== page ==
Scientists have found that domestic goats can read our facial expressions
Facial expressions are hugely important in human communication; a look can change the whole meaning or feel of a conversation.
It turns out we’re not the only ones picking up on the subtle changes in each other’s faces. Dogs and horses have been shown to recognise happy and angry expressions and perceive scowling people negatively, and now a new study has shown that goats prefer smiles too.
Domestic goats at a UK goat sanctuary were released into an arena containing a pair of photos of a person they had never met. In one photo the person looked angry while in the other they were smiling.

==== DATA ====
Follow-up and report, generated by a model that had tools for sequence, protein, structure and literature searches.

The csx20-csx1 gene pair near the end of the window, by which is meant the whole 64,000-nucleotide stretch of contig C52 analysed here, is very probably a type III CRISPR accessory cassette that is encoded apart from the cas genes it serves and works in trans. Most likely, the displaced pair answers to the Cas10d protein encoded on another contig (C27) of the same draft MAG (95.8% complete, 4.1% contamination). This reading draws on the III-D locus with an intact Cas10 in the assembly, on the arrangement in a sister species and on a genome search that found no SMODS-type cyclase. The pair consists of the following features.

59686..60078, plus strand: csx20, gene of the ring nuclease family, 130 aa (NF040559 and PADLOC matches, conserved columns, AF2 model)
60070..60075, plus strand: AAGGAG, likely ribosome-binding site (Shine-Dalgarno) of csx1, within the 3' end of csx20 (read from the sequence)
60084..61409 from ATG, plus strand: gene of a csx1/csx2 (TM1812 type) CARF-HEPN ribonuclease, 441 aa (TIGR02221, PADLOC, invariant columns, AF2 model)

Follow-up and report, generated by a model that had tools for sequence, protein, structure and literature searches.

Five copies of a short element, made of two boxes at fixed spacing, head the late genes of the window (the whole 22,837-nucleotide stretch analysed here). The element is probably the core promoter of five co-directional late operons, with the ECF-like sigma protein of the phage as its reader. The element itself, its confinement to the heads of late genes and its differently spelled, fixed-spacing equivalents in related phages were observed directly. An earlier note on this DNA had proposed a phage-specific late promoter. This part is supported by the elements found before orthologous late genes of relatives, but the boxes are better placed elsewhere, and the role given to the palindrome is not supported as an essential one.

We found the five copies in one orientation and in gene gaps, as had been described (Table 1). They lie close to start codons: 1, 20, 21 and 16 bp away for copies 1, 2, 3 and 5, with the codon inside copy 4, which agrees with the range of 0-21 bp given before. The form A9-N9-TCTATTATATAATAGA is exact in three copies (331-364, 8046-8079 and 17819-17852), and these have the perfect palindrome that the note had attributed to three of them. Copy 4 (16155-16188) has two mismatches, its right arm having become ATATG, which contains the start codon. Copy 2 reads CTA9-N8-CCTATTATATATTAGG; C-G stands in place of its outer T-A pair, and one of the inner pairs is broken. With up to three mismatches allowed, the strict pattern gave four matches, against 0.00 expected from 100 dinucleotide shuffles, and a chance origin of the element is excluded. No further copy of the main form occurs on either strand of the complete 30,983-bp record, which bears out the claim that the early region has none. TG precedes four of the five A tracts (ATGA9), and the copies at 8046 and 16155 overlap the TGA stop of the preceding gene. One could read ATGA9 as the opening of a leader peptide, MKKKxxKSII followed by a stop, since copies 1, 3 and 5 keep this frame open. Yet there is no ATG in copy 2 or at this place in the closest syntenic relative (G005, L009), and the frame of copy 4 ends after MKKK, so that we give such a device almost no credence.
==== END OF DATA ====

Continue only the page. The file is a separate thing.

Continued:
Left to explore and investigate, the goats approached the happy photos and interacted with them much more than they did with the angry faces. The scientists found that the goats spent even more time with the happy faces when they were the right-hand photo of the pair, suggesting that positive emotions are processed in the left hemisphere of a goat’s brain.
As more species join the list of animals able to read our facial expressions our understanding of animal intelligence is being challenged, and these discoveries could lead to changes in the way we interact with domestic animals.
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Image: Imágenes Gratis Online/flickr